In 1924, René Clair's Entr'acte, an exercise in pure cinema, was conceived by the Dada painter and poet Francis Picabia, who appeared in the film alongside Man Ray, Marcel Achard, Erik Satie and Marcel Duchamp. In the same year, Marcel L'Herbier's L'Inhumaine was a veritable catalogue of contemporary French art. Each set was created by a different designer - Fernand Léger, Claude Autant-Lara, Alberto Cavalcanti, Robert Mallet-Stevens - and the film featured music by Darius Milhaud and dancers from the Ballets Suédois. Jean Cocteau was 41 when he made his first film (Le Sang d'un poète, 1930) and already famous as a poet, novelist, playwright, designer, painter, stage director and ballet producer, having fulfilled his promise to Serge Diaghilev, who had challenged him: "Etonne-moi!"

"Art cinema" included such movements as German Expressionism, Russian Constructivism, Surrealism and Dadaism. Avant-garde artists such as Man Ray, Hans Richter, Fernand Léger, Laszlo Moholy-Nagy, Oskar Fischinger and Walter Ruttmann all made films influenced by Cubism and Abstraction.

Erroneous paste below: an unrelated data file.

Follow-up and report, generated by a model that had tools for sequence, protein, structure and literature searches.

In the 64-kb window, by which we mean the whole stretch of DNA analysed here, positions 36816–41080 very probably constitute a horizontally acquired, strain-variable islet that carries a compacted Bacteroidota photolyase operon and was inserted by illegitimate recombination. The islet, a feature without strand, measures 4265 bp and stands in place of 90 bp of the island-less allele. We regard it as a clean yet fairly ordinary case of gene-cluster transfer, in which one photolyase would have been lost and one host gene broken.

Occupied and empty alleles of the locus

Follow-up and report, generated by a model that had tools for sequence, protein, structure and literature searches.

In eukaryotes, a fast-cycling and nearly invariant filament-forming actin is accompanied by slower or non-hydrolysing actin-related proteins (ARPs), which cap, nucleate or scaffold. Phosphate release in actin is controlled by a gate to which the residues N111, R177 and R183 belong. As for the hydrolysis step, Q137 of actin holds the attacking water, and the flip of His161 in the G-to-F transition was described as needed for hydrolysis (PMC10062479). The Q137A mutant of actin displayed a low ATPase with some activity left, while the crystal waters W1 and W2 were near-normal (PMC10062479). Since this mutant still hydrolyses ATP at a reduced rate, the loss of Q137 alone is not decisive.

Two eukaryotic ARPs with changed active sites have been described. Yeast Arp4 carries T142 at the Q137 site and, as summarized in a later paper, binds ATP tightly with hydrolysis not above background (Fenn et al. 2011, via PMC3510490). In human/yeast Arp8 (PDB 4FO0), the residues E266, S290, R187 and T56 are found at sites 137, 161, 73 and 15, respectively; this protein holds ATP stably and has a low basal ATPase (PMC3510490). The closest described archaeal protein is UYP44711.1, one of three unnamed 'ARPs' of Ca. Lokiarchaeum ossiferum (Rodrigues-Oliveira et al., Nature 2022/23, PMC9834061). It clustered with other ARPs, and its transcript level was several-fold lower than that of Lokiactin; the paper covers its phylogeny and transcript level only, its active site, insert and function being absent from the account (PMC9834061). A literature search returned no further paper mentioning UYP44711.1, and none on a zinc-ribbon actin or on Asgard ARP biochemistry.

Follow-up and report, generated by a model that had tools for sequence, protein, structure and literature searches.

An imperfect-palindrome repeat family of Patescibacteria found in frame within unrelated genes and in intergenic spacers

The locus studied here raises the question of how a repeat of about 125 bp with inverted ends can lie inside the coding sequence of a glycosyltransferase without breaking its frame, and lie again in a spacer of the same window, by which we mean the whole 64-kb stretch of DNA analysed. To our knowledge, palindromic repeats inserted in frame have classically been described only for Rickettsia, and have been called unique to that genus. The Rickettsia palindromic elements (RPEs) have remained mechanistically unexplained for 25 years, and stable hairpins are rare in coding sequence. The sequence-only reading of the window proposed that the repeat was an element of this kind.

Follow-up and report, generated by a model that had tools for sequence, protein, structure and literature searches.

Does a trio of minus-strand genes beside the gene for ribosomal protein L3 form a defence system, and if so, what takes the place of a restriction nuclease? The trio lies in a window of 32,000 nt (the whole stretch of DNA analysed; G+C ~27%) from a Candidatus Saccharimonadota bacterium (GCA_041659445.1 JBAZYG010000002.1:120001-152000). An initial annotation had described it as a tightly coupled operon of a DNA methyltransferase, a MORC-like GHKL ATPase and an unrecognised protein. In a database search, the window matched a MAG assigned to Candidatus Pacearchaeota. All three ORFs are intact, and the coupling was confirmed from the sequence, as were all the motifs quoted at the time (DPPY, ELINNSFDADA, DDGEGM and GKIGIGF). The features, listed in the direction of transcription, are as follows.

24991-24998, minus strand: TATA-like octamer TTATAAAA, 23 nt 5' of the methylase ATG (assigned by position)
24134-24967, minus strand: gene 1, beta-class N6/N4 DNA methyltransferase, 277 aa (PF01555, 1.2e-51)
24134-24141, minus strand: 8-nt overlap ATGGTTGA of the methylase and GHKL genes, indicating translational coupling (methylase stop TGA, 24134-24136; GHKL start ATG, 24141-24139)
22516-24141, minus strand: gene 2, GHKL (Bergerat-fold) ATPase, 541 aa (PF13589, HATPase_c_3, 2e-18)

In the 1940s, a period of experimental film-making began in the USA. Maya Deren's Meshes of the Afternoon (1943) was one of the first independent American Underground films, a movement that later, though rooted in the European avant-garde, was strongly connected to the Beat movement. In the early 1950s, younger directors such as Stan Brakhage emerged, working in a similar mode.

The French nouvelle vague directors took advantage of the new technology - fast film, lightweight camera equipment - that enabled them to shoot in the streets with hand-held cameras and a small team. They deconstructed conventional narratives by using jump cuts, improvisation, and quotes from literature and other films. Alain Resnais rejected a chronological structure completely in L'année dernière à Marienbad (1961).